+gt;From: cindy@solan10.solan.unit.no (Cynthia Kandolf) Subject: Return of the US Language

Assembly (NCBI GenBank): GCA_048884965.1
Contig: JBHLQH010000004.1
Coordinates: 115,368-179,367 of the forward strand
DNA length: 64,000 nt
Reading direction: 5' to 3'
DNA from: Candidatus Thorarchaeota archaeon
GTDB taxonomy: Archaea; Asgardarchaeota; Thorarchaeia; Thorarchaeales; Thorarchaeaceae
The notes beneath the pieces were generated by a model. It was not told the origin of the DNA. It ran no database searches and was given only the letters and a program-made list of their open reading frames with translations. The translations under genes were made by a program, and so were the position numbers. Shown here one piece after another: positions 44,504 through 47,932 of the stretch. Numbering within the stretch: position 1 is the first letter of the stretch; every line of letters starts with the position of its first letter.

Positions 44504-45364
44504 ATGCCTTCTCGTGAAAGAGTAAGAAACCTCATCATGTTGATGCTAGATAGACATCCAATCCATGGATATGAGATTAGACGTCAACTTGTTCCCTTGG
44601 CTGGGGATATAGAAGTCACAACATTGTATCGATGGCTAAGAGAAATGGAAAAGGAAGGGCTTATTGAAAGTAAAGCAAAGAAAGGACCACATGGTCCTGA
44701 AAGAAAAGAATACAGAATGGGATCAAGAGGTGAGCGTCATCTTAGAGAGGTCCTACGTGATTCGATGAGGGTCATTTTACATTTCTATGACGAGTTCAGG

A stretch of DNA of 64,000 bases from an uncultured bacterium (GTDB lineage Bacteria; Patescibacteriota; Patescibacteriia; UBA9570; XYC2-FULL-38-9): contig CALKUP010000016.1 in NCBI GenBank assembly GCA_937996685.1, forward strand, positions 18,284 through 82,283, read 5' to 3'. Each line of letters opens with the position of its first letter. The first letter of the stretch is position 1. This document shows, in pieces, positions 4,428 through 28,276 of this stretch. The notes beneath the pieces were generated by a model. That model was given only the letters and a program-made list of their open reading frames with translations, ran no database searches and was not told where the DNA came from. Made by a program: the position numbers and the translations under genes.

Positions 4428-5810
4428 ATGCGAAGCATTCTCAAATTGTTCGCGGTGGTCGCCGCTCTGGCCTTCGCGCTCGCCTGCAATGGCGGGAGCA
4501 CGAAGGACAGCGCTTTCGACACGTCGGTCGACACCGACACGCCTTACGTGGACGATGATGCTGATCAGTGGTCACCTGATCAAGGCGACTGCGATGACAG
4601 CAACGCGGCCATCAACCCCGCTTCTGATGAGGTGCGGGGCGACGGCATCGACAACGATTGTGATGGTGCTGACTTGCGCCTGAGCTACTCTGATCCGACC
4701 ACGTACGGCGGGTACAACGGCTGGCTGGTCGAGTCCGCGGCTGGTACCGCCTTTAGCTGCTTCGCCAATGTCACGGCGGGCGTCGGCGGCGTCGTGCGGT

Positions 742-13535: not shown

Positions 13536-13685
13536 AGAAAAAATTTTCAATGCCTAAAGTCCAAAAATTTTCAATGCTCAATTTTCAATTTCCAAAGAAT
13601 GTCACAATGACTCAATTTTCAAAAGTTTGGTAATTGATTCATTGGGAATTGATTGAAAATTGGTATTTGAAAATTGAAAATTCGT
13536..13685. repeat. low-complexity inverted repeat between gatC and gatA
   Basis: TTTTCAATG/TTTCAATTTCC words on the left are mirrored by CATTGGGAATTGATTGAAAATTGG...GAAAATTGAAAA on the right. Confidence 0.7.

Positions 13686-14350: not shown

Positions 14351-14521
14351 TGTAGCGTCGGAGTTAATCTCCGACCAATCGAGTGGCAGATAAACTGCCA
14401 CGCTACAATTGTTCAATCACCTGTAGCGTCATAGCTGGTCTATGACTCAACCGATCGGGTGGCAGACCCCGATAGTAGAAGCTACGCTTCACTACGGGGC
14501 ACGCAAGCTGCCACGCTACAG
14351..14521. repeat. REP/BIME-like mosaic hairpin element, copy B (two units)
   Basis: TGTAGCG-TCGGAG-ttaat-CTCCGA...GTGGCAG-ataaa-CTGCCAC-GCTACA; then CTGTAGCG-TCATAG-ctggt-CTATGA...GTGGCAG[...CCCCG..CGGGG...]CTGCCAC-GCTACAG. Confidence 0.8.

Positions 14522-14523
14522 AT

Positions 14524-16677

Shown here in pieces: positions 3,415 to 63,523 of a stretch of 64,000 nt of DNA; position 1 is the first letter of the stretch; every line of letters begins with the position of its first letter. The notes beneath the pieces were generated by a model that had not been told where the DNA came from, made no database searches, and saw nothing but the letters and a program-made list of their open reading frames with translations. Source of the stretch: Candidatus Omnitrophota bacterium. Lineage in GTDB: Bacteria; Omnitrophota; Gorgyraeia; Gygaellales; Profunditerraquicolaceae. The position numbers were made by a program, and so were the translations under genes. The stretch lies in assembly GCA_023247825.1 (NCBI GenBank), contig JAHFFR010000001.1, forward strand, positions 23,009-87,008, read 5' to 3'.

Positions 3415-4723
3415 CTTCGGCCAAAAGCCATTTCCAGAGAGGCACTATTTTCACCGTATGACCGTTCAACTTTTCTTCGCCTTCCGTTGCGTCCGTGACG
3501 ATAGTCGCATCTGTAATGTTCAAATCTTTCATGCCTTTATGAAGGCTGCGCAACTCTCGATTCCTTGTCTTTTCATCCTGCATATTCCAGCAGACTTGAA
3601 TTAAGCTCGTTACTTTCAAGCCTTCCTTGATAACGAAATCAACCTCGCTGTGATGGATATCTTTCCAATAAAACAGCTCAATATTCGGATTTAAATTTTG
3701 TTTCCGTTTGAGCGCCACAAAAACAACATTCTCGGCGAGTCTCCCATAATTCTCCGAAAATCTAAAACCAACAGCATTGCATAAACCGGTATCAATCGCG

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>From: cindy@solan10.solan.unit.no (Cynthia Kandolf) Subject: Return of the US Language UL Message-ID: Date: 12 Jul 92 16:43:24 GMT Sender: news@ugle.unit.no (NetNews Administrator) Distribution: alt Organization: /home/ludviga/cindy/.organization Lines: 52 Those of you who have been around here for longer than you care to admit (like me) may remember the time someone brought up a legend about German having narrowly missed becoming the official language of the United States. This is a common story, and the usual cap to it is that Congress voted - by a majority of one vote - to make English the official language of the US, this significantly altering the course of development in the US textbook publishing industry. The story is false. Matter of fact, the US at present does not have an "official" language in the sense of a language declared by law to have special status; English is merely the de facto standard. There _was_ indeed some discussion about which language to adapt, with some strong seperatists arguing that English was the language of the "enemy". However, there were no cliff-hangers as suggested by the legend mentioned above; the strong seperatists were a minority group, and it was pretty clear from the start that most people considered changing from English to be too much trouble. All this junk was discussed the last time around, but i wanted to summarize it for those who weren't with us then. The reason for bringing this up is that i have found an incident that may be the source of this UL. (Drum roll.) My source is the _Cambridge Encyclopedia of Language_, by David Crystal, published by the Cambridge University Press, (c)1987. In the interest of completeness, ISBN 0 521 26438 3. from page 365: _A planning myth_ Probably the best-known myth in the history of language planning is the story that German nearly became the national language of the US in the 18th century, losing to English by only one vote in the legislature (the "Muhlenberg" legend). In fact, all that was involved was a request, made by a group of Virginia Germans, to have certain laws issued in German _as well as_ in Englih. The proposal was rejected by one vote, apparently cast by a German-speaking Lutheran clergyman, Frederick Muhlenberg (1750-1801). But the general status of English as the majority language was never in doubt. (After S.B. Heath and F. Mandabach, 1983.) [End quote] Just to show that i did my homework, the paper referred to is: Heath, S.B., and Mandabach, F. 1983. Language status decisions and the law in the United States. In J. Cobarrubias and J.A. Fishman (eds.), _Progress in language planning: international perspectives_ (Berlin: Mouton), 87-105. -Cindy Kandolf cindy@solan.unit.no Trondheim, Norway


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